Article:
Messina Earthquake of 1908

On the early morning of December 28, 1908, the Italian city of Messina awoke to the deadliest earthquake in European history.

Striking just days after Christmas in the Straits of Messina, the 7.2 (USGS) magnitude quake shook for nearly 30 seconds, toppling several story buildings and burying alive it's occupants. Minutes later, the tsunami came, measuring somewhere between 20 to 40 feet high. The waves were gradually followed by smaller ones, until the water finally subsided.

When it was over, the city of Messina, which only had a population of 150,000, had been entirely destroyed, along with the nearby city of Reggio di Calabria, and other outlying areas. It is estimated that the combined earthquake and tsunami killed almost 100,000 people, that fateful December morning.

72,000 deaths. Over 40% of the population of Messina and more than 25% of Reggio di Calabria killed by the earthquake and tsunami, as well as by fires in some parts of Messina. Casualty toll is based on census data 1901-1911, some estimates are as high as 110,000. Severe damage in large parts of Calabria and Sicily. Felt throughout Sicily and north to Naples and Campobasso. Also felt on Malta, in Montenegro and Albania and on the Ionian Islands. Tsunami heights of 6-12 m (20-39 ft) observed on the coast of Sicily south of Messina and heights of 6-10 m (20-33 ft) observed along the coast of Calabria. Aftershocks continued into 1913.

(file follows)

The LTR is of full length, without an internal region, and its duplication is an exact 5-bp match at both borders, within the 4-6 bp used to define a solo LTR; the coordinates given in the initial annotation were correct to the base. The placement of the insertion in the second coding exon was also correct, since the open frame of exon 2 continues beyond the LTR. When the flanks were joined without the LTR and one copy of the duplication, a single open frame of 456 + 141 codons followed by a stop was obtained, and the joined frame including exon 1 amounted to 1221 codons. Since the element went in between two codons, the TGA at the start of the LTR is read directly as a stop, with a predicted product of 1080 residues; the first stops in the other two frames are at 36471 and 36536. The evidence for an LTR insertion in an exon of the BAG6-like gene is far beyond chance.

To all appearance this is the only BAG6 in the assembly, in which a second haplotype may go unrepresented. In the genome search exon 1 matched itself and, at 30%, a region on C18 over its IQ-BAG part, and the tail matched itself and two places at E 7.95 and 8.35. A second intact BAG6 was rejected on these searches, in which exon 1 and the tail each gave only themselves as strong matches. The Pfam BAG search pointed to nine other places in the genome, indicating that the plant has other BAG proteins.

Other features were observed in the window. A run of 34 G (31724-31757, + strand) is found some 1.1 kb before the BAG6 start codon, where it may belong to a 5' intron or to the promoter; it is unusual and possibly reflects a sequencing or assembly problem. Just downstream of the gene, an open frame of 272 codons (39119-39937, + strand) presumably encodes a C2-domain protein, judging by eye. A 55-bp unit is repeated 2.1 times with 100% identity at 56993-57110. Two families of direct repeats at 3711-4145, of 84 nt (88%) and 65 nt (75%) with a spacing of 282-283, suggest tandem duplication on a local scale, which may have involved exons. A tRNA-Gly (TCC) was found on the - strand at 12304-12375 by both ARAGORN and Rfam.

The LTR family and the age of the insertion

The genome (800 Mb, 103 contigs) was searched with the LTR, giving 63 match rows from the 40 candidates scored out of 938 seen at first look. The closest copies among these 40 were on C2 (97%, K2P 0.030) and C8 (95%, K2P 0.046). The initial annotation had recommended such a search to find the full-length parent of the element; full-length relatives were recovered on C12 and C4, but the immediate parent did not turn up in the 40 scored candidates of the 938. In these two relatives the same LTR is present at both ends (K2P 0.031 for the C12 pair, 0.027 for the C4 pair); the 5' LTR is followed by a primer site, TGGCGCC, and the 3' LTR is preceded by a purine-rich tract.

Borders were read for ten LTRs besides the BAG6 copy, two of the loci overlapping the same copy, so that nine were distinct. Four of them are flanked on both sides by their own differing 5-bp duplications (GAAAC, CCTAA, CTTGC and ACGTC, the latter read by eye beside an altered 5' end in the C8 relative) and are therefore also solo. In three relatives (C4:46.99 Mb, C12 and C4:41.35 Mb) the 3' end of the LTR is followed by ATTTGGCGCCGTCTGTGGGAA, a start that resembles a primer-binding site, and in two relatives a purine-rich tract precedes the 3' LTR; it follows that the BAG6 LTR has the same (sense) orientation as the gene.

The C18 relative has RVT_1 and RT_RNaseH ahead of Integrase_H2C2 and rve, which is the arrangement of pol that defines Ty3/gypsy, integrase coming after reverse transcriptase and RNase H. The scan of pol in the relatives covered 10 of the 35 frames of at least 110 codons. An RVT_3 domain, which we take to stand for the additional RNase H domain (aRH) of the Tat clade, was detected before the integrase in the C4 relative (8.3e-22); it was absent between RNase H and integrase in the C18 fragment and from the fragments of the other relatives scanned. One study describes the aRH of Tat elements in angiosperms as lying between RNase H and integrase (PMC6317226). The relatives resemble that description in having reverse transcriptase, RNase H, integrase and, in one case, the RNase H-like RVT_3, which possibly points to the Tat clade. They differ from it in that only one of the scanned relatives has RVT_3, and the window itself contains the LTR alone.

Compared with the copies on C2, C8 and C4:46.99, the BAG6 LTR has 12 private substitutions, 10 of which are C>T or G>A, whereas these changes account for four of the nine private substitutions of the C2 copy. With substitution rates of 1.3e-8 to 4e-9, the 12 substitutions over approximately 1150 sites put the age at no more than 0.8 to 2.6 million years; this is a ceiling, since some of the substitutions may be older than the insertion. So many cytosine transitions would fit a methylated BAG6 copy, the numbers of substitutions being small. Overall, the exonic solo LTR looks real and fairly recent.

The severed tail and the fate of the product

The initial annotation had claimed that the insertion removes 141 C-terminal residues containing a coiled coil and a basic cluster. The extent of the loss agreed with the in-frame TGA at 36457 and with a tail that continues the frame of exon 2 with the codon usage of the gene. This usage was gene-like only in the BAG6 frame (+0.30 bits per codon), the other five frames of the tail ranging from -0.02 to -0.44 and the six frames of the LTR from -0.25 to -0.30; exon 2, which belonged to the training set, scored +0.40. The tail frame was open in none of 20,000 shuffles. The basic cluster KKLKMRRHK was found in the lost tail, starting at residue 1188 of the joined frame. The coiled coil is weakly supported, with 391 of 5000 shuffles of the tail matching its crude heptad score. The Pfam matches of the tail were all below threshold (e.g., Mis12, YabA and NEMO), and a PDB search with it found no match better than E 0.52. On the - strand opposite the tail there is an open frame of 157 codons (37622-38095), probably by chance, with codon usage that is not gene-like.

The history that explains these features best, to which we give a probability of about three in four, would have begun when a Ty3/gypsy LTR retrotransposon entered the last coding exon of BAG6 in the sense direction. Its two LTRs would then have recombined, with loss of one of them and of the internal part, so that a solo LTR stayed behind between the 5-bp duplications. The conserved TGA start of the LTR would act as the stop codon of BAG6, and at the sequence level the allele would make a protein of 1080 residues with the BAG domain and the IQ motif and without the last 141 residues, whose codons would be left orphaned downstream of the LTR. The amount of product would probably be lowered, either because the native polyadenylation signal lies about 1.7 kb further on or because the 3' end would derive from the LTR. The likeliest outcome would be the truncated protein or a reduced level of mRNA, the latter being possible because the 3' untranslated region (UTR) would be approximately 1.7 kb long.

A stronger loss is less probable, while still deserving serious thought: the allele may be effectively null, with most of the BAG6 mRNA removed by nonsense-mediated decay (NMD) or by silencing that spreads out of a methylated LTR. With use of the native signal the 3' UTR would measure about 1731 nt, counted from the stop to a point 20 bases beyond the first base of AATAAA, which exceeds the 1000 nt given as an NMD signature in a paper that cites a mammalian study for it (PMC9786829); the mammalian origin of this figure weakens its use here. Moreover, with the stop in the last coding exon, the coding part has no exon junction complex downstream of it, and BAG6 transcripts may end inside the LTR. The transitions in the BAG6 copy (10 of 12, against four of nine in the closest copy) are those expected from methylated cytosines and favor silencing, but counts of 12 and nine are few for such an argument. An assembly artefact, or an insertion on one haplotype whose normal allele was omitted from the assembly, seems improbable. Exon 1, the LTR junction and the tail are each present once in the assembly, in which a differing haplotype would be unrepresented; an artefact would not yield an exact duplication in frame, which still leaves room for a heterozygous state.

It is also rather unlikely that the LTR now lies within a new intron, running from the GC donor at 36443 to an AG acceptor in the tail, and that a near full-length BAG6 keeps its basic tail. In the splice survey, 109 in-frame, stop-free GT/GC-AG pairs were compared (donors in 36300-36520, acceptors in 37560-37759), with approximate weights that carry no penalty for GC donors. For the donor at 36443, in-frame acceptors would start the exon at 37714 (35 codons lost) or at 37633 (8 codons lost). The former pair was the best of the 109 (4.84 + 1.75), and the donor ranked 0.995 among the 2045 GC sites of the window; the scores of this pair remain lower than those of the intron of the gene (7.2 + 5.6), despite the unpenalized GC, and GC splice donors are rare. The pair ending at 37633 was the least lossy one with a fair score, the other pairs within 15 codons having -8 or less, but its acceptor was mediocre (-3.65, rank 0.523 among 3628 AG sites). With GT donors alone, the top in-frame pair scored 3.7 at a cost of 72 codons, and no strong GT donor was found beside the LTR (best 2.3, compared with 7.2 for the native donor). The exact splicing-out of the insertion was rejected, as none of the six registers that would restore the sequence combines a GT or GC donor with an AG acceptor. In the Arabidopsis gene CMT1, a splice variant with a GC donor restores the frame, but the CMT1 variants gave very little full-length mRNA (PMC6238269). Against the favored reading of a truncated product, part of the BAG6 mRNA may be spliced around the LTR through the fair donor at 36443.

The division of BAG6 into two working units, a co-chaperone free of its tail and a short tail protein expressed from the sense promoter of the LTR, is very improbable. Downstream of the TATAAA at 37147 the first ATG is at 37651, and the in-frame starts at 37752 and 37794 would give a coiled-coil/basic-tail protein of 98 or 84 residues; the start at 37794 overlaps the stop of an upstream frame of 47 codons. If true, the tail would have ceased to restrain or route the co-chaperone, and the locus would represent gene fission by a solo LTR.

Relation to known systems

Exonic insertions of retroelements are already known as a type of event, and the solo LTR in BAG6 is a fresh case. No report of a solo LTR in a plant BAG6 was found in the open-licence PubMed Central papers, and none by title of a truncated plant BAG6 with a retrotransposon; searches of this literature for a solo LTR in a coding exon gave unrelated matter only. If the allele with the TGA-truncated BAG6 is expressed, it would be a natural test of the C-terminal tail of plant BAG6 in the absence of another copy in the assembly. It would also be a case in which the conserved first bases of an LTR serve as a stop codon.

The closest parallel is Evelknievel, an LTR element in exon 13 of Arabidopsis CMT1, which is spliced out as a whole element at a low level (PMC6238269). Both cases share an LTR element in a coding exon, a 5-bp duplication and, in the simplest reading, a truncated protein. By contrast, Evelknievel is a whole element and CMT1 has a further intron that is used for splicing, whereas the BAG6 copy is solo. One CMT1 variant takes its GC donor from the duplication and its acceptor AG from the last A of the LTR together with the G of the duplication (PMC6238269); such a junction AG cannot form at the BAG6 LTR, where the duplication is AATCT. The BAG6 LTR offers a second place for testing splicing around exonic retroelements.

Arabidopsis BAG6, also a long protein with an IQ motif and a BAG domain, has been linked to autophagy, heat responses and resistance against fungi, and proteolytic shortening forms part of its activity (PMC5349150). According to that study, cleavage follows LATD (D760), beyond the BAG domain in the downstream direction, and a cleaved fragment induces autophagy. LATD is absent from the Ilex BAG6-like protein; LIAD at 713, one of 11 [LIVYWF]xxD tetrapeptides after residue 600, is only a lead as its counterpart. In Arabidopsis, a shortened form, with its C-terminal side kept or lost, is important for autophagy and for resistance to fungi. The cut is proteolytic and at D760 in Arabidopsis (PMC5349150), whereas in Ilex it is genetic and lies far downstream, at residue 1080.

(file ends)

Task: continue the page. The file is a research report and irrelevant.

On December 28, 1908, at approximately 5:20am, Europe's most powerful earthquake shook southern Italy. Centered in the Messina Strait, which separates Sicily from Calabria, the quake's magnitude equaled a 7.5 by today's Richter scale. Moments after the quake's first jolt, a devastating tsunami formed, causing forty-foot waves to crash down on dozens of coastal cities.

The Messina quake was undeniably the most destructive to ever hit Europe. Most of southern Italy's cities lost as many as half their residents that morning. The population of the city of Messina alone -- 150,000 -- was reduced to only hundreds; the total death toll throughout Italy was estimated at nearly 200,000. Accounts of shaking and aftershocks were reported throughout Sicily. Signs of the jolt even appeared in Washington, D.C., where the day's crude technology picked up signals of the disaster.

On December 28, 1908 at 5:21 am an earthquake of Richter magnitude 7.5 occurred centered on Messina, a city in Sicily. Reggio Calabria on the Italian mainland also suffered heavy damage. The ground shook for some 30 to 40 seconds, and the destruction was felt within a 300 km radius. Moments after the earthquake, a 40 feet (12 m) tsunami struck nearby coasts causing even more devastation. 93% of structures in Messina were destroyed and some 70,000 residents were killed. Rescuers searched through the rubble for weeks, and whole families were still being pulled out alive days later, but thousands remained buried there. Buildings in the area had not been constructed for earthquake resistance, having heavy roofs and vulnerable foundations.